The course examines the status and relations of the three major religious communities in the Islamic Ottoman Empire in the early modern and modern periods. The course addresses questions such as: Did coexistence or conflict mark the encounters between Muslims, Christians, and Jews? What was the legal status of non-Muslims? How did the Ottoman Empire deal with nationalism? Prerequisites: HIST 100H or HIST 101H or HIST 102H or HIST 103H or HIST 104H or HIST 105H or HIST 126H or HIST 127H.

HIST 412. From Empire to Nation: Nation-Building in the Balkans and the Middle East. 3 Credits.

The course traces the last turbulent century of the Ottoman Empire and its disintegration into nation-states in the Middle East and the Balkans up until the mid-20th Century. The course examines how the new states employed nationalsim and modernization to build state, society and national culture. Prerequisites: HIST 100H or HIST 101H or HIST 102H or HIST 103H or HIST 104H or HIST 105H or HIST 126H or HIST 127H.

HIST 414. Freedom, Rights and Revolution: Evolution of the State System 1648-1815. 3 Credits.

The course examines the social, cultural, political, legal and diplomatic history of Old Regime Europe, the rise of the territorial state, and challenges to its authority. In addition to events and sources contemporary to that age, students will be introduced to the most important interpretive theories that have emerged in the past generation on the Continent as well as in Britain and America. Prerequisites: HIST 100H or HIST 101H or HIST 102H or HIST 103H or HIST 104H or HIST 105H or HIST 126H or HIST 127H.

HIST 415. Empire, Nations, and Industrialization: Evolution of the State System, 1815-1914. 3 Credits.

The course focuses on the evolution of international politics, diplomacy, and social, cultural and economic structures in the development of empires, nations and industrialization in the evolution of the modern state system from 1815 to 1914. Explores the relationship among European powers and their relations with smaller states in Europe and spheres of influence throughout the world. Prerequisites: HIST 100H or HIST 101H or HIST 102H or HIST 103H or HIST 104H or HIST 105H or HIST 126H or HIST 127H.

HIST 416. States, Territories and International Organization: Evolution of the State System Since 1914. 3 Credits.

The course focuses on the evolution of international politics, diplomacy and social, cultural and economic structures in states territories, and international organizations since 1914. Emphasis on shifting European alingments since 1914, the two World Wars, the development of the bi-polar world and the development and evolution of international organizations. Prerequisites: HIST 100H or HIST 101H or HIST 102H or HIST 103H or HIST 104H or HIST 105H or HIST 126H or HIST 127H.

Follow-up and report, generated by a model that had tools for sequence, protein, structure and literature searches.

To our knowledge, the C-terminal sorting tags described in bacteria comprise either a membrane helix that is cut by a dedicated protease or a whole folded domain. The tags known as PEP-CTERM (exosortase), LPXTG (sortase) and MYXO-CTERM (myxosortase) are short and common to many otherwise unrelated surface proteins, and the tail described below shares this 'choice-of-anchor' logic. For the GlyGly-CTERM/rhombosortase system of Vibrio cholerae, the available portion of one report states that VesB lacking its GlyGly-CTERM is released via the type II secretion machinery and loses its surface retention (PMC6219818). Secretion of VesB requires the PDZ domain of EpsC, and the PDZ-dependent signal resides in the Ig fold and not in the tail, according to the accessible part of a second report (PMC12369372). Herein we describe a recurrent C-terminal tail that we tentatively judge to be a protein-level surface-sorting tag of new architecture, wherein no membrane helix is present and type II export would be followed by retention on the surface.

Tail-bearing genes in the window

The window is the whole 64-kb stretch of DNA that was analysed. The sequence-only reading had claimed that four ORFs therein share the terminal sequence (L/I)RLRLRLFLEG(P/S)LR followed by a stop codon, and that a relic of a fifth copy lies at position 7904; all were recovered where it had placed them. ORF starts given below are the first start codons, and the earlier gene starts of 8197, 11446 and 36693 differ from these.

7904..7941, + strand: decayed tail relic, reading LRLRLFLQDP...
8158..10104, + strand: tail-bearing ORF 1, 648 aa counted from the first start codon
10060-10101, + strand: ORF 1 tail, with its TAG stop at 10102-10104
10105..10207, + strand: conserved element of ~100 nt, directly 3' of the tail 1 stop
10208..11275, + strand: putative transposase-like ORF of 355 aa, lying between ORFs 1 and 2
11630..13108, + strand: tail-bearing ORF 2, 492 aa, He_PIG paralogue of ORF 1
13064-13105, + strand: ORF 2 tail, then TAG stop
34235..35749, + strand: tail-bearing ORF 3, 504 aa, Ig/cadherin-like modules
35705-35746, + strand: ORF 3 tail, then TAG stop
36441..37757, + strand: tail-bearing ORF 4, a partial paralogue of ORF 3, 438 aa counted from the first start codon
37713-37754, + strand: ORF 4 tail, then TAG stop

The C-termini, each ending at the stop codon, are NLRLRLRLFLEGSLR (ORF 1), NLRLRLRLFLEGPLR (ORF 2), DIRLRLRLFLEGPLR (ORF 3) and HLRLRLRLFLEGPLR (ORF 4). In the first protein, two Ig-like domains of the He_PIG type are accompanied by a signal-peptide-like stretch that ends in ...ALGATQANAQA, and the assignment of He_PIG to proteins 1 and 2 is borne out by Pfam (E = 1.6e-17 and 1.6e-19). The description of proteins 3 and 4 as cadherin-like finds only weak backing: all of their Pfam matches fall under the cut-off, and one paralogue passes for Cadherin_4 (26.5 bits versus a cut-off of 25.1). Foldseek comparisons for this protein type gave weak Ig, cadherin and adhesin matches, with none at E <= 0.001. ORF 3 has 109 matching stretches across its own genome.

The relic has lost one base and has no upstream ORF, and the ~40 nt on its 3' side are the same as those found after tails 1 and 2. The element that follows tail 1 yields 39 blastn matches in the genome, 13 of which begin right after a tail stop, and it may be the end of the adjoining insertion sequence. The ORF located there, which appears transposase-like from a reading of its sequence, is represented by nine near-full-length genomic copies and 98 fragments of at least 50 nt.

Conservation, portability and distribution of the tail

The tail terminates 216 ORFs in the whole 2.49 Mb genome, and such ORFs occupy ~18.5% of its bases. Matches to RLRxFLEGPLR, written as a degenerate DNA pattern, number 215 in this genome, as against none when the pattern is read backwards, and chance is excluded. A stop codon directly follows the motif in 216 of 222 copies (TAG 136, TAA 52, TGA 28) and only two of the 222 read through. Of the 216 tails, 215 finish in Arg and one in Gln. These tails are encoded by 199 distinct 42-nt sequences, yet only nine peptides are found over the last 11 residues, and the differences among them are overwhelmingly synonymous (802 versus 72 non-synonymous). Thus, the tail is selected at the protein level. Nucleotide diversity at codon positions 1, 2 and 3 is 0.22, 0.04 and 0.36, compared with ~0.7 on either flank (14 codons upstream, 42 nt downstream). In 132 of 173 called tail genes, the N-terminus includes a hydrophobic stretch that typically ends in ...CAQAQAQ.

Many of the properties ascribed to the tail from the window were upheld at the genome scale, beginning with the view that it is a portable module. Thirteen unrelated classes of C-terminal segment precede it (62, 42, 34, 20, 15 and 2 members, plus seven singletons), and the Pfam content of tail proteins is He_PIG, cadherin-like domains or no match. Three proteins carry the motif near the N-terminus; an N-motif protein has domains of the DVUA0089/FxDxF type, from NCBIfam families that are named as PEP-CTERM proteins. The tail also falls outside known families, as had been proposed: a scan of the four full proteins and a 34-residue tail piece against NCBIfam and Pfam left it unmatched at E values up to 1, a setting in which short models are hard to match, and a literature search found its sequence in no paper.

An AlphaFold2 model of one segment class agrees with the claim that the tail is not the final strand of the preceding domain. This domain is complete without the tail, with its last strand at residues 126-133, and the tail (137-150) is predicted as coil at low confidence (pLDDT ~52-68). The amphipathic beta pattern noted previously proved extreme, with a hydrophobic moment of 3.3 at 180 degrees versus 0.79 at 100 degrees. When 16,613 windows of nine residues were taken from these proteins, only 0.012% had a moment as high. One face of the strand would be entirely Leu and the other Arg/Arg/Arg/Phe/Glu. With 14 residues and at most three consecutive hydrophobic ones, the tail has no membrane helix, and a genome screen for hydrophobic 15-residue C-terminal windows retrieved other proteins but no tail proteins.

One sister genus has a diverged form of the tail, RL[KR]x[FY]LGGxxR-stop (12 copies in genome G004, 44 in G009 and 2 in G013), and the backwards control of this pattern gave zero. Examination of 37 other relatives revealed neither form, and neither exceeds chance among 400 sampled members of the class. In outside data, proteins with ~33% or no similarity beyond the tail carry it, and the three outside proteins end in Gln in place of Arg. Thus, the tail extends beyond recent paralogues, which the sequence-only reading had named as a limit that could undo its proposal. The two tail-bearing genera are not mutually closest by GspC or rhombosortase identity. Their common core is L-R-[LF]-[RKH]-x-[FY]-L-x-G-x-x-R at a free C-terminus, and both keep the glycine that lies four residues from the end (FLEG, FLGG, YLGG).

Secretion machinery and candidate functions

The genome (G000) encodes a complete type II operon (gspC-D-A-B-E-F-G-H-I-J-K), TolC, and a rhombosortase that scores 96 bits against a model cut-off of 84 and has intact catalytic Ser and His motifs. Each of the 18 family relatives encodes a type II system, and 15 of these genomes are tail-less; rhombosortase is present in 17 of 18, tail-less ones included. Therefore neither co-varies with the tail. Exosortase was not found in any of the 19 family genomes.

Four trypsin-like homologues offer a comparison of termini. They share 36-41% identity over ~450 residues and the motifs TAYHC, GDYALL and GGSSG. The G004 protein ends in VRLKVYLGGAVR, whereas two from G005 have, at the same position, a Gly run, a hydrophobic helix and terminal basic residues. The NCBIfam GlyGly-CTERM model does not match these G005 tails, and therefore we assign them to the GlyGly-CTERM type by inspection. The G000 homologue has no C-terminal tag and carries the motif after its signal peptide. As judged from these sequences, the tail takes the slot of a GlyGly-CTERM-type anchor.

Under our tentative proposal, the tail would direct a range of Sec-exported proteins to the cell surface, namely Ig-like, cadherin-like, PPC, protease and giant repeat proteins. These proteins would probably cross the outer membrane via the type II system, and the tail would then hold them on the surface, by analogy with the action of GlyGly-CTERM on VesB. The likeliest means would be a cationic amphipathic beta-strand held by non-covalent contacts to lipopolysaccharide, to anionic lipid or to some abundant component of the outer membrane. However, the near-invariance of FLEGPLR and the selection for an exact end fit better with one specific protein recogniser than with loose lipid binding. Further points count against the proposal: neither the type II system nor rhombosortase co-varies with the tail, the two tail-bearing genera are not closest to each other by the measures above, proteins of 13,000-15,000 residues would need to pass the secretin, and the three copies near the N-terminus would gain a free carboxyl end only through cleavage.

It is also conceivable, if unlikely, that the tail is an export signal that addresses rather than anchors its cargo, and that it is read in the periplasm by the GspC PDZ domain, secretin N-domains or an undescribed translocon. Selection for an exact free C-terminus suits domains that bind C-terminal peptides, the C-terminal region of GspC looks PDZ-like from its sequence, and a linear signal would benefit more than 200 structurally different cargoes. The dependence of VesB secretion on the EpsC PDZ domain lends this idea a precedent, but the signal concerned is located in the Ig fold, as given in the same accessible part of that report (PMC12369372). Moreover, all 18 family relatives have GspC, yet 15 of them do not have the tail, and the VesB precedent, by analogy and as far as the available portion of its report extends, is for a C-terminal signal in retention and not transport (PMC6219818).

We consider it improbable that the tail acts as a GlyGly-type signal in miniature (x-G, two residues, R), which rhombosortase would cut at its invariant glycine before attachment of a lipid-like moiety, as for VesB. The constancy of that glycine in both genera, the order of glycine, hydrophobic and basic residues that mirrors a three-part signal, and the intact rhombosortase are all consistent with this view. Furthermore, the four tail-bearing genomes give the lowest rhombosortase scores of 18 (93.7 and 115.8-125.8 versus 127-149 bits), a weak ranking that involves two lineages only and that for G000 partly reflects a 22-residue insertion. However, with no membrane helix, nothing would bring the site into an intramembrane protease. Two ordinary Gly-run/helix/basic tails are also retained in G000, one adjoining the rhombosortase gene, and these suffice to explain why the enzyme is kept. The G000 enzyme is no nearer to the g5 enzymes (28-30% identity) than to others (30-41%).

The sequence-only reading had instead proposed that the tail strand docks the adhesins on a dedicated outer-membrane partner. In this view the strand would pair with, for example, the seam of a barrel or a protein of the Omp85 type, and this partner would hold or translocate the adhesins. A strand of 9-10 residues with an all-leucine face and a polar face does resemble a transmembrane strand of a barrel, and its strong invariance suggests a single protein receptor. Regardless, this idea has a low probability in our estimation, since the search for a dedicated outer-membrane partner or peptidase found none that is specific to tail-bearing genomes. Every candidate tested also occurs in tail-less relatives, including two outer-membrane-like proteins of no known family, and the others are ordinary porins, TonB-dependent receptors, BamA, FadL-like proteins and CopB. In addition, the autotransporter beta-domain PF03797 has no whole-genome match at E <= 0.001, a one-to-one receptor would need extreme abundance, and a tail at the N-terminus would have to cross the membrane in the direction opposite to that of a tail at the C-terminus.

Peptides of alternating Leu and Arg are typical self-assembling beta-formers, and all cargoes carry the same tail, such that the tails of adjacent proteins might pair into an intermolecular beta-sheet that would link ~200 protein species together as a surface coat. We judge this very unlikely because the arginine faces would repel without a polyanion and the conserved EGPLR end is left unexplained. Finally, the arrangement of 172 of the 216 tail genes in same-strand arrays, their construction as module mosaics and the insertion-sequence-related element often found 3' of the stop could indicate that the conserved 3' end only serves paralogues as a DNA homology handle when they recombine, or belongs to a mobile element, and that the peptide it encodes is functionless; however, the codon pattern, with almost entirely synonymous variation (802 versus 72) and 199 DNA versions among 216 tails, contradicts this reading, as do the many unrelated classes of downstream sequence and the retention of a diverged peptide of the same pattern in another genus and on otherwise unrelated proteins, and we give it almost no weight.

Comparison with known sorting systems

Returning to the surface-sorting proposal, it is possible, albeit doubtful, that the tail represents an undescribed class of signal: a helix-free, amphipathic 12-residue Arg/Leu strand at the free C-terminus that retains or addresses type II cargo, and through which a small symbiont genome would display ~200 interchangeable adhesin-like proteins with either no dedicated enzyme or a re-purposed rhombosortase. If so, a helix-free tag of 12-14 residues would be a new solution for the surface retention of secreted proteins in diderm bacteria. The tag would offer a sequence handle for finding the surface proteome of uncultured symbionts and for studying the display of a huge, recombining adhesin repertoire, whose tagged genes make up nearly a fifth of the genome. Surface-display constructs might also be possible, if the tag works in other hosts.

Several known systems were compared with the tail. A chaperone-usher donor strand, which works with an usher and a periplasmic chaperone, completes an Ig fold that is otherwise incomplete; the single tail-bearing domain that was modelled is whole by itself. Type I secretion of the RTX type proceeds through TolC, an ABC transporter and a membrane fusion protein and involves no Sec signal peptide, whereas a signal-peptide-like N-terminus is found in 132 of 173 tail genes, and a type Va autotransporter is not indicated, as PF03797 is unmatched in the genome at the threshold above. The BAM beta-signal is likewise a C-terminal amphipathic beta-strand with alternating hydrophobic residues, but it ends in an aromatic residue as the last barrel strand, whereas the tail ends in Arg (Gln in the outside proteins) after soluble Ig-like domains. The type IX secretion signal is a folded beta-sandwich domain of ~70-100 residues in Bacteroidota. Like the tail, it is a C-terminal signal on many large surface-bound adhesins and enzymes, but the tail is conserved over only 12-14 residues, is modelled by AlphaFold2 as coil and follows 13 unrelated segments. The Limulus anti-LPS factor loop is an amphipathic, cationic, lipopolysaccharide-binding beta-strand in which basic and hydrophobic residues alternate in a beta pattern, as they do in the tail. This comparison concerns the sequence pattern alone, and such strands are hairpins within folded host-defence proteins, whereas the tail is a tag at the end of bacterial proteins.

HIST 420/520. Fascism in Europe. 3 Credits.

The course explores the genesis and development of fascism in Europe between World Wars I and II. Particular emphasis on Fascism in Italy and National Socialism in Germany. Appeal of fascist movements to populations across the socio-economic spectrum, fluidities of ideology and practice, fascism's impact on political, economic, social, and cultural life in the interwar period are explored. Prerequisites: HIST 100H or HIST 101H or HIST 102H or HIST 103H or HIST 104H or HIST 105H or HIST 126H or HIST 127H.

HIST 439/539. Politics and Society in East Asia Since 1945. 3 Credits.

The course explores the political and social developments in Japan, China, and Korea since the end of World War II. Prerequisites: HIST 100H or HIST 101H or HIST 102H or HIST 103H or HIST 104H or HIST 105H or HIST 126H or HIST 127H.

HIST 447. U.S. Foreign Relations, 1776-1914. 3 Credits.

The course explores the foreign relations of the United States from the revolutionary period to 1914 with particular emphasis on the ideological and domestic roots of American foreign policy. Prerequisites: HIST 100H or HIST 101H or HIST 102H or HIST 103H or HIST 104H or HIST 105H or HIST 126H or HIST 127H.

HIST 448. U.S. Foreign Relations Since 1914. 3 Credits.

The course explores the foreign relations of the United States from the First World War to the present, with particular emphasis on the ideological and domestic roots of American foreign policy. Prerequisites: HIST 100H or HIST 101H or HIST 102H or HIST 103H or HIST 104H or HIST 105H or HIST 126H or HIST 127H.

HIST 450. American Revolution and Historical Memory. 3 Credits.

This seminar style course will introduce the principal writings and interpretations of the era of the American Revolution from the mid-eighteenth century to the ratification of the federal constitution of 1787. Besides exploring the relationship between the British Empire and its colonies, the course will look at the role of historical memory in understanding of the past. Prerequisites: HIST 100H, HIST 101H, HIST 102H, HIST 103H, HIST 104H, HIST 105H, HIST 126H or HIST 127H.

HIST 451. The Atlantic World and Early America. 3 Credits.

During the early modern period, global processes of imperial, economic, and demographic expansion drew British North America into transnational networks that spanned the Atlantic Ocean and brought Europeans, Africans, and Americans together. This course will explore the Atlantic World as a place, a process, and a new field of historical inquiry. Prerequisite: HIST 100H, HIST 101H, HIST 102H, HIST 103H, HIST 104H, HIST 105H, HIST 126H or HIST 127H.